Newborns are at a higher risk of developing complications from Group B strep (GBS) than previously thought, according to a new study from the University of Cambridge. The research found that one in 200 newborns are admitted to neonatal units with GBS-related sepsis, a bacterial infection that can be passed from pregnant women to their babies during birth.
Previously, NHS data suggested that only about one in 1,750 babies become seriously ill from GBS infection. However, this new study, which reanalyzed existing data, found that GBS was present in the placenta of about 5% of women before labor.
The researchers developed a test kit for GBS that can be used to screen expectant mothers for the bacteria. This breakthrough could potentially change the risk/benefit balance of universal screening for GBS, as pregnant women in the UK are currently not routinely screened unless they have complications or risk factors.
Group B Strep Support, a charity that raises awareness about GBS, has urged the government to make GBS a notifiable disease. This would ensure accurate reporting of cases and help in tracking the spread of the infection.
GBS infections in newborns typically occur within six days of birth, but symptoms can emerge up to three months later. It’s important to note that GBS can also cause infections in adults, affecting various parts of the body. In addition, GBS infections have been linked to stillbirths, premature deliveries, and maternal infections.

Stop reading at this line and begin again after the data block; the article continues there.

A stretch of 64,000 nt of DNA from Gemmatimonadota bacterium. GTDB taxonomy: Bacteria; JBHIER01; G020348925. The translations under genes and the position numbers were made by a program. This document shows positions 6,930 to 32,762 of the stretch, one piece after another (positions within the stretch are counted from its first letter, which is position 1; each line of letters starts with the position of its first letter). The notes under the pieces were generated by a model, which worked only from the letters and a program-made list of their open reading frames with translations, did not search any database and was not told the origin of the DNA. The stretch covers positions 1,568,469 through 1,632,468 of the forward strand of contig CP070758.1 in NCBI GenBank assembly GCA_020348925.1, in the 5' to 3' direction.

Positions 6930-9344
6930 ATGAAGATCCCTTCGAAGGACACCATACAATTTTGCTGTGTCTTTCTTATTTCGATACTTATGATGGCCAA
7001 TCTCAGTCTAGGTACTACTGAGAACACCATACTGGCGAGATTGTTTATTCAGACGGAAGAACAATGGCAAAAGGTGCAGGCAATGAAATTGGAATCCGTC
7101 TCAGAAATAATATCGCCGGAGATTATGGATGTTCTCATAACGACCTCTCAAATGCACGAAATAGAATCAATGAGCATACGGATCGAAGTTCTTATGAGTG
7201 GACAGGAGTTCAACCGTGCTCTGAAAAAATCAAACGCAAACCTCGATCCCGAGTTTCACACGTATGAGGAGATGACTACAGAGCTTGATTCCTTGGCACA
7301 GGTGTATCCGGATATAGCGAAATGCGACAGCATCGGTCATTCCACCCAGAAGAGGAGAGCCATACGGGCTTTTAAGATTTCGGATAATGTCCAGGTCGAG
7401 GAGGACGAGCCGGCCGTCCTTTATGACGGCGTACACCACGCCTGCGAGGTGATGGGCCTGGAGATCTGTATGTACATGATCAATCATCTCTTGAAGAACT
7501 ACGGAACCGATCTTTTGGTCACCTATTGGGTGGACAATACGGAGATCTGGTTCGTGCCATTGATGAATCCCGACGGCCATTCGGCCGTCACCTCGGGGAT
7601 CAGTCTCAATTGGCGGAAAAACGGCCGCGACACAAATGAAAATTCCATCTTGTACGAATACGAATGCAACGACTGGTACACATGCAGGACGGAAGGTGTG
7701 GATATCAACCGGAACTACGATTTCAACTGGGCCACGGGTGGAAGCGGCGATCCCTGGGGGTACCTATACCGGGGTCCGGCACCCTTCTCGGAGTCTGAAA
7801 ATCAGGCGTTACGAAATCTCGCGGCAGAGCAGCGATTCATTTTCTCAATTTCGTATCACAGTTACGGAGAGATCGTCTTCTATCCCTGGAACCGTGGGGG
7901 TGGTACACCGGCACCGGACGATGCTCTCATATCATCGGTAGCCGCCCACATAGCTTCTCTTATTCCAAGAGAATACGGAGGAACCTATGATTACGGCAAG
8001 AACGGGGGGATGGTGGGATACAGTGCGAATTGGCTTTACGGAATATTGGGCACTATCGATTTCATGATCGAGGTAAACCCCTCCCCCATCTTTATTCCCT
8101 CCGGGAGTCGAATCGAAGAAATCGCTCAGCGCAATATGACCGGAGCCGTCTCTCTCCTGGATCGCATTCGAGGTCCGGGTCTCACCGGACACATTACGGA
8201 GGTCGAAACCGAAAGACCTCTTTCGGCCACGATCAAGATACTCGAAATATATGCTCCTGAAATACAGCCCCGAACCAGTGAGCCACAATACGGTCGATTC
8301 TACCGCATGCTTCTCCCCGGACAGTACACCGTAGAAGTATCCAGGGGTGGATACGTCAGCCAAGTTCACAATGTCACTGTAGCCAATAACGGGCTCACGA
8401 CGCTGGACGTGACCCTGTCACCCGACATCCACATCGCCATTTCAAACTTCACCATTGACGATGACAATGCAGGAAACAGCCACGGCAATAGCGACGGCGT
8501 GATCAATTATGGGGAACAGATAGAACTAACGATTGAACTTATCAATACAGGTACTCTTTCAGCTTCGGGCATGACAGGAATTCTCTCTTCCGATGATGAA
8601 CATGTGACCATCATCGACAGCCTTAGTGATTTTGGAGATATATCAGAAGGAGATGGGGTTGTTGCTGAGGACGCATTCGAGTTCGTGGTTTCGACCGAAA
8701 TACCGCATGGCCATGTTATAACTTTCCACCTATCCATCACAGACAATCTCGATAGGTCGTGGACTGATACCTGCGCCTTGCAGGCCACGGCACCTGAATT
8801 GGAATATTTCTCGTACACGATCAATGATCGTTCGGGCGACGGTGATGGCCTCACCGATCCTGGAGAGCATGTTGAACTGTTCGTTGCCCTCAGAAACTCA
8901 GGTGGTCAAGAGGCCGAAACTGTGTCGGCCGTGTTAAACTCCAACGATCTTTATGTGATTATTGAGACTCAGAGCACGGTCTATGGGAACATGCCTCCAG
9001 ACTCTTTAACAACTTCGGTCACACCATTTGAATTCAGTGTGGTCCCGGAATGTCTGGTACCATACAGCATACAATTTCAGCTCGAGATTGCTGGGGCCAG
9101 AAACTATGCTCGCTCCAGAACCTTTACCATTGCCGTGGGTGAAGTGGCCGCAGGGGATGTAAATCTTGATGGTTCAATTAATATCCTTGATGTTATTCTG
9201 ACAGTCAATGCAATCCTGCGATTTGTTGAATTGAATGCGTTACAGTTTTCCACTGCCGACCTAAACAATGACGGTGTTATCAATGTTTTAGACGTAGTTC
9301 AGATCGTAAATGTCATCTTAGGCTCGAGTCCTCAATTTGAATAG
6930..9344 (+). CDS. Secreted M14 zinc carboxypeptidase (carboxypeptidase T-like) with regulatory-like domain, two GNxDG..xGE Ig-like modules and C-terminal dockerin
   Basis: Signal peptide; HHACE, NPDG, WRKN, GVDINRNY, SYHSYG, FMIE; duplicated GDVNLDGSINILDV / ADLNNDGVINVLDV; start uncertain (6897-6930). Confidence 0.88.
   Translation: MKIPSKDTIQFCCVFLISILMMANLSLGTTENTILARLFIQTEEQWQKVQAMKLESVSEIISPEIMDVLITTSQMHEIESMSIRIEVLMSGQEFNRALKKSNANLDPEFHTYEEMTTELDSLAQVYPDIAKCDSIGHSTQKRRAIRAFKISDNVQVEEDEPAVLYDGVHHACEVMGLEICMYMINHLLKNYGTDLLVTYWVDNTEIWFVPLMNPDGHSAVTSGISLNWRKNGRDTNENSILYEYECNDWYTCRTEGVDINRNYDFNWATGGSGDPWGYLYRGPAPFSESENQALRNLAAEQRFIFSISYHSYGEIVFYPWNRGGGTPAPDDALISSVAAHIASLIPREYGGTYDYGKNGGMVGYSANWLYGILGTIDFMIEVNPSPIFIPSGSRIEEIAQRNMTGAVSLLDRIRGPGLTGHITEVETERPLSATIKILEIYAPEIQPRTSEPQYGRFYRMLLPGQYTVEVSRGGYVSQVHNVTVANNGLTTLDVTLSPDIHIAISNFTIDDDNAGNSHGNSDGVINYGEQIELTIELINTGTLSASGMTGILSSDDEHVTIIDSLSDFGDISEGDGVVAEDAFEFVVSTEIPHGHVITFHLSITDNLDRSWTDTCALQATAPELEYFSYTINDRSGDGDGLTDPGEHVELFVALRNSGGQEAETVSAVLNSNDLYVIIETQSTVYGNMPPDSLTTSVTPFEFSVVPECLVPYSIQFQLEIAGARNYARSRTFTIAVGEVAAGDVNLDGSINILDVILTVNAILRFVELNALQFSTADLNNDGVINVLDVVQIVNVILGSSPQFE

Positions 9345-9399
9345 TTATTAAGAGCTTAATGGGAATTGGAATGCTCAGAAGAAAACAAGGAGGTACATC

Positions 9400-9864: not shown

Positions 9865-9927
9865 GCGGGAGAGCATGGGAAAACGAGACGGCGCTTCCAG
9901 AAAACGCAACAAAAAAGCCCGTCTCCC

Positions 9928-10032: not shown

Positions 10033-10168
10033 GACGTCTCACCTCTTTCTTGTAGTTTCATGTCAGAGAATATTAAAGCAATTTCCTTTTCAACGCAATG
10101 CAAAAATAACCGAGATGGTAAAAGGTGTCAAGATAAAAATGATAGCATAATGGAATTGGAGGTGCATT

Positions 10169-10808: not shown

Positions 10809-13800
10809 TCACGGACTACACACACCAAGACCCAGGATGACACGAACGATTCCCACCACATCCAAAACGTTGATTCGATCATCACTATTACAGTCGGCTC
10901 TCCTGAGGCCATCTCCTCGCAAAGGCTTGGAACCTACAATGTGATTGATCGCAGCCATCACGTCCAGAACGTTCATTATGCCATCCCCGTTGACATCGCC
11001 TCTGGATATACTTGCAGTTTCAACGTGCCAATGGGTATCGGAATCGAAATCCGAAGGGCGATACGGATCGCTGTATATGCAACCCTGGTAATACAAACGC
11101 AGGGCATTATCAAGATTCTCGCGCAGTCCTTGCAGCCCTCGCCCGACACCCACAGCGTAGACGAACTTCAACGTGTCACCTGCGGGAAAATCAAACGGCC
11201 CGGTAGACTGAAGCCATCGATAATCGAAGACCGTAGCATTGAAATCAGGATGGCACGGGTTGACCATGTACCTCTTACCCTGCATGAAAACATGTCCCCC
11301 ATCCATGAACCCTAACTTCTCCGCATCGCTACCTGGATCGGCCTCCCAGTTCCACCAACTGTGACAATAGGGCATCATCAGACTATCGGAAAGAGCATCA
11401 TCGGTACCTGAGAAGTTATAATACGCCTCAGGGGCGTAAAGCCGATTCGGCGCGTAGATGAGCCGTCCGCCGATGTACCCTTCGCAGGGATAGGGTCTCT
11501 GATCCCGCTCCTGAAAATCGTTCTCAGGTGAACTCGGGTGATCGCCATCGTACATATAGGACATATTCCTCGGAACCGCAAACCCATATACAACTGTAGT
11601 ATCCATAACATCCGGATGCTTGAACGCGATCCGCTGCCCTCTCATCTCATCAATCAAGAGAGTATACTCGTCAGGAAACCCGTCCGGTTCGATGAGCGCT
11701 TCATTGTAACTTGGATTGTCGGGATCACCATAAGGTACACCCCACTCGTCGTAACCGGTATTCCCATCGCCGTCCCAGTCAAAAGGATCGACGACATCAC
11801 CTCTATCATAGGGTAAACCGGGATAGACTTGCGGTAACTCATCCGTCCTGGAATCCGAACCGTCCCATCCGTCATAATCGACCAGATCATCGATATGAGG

The treatment for GBS infections is intravenous antibiotics. Approximately 20% of women carry GBS in their genital tract, which can lead to neonatal sepsis in babies. The presence of GBS in the placenta was found to be associated with a two to three-fold increased risk of neonatal unit admission. The researchers also discovered increased levels of cytokines, which are proteins involved in inflammation, in the umbilical cord serum of babies with GBS, potentially explaining the increased risk of disease.
A randomized controlled trial of screening for GBS in the UK is currently underway, and the researchers hope that their ultrasensitive test could lead to point-of-care testing for immediate neonatal care. This could provide crucial information for healthcare providers to make timely decisions regarding the treatment of GBS in newborns.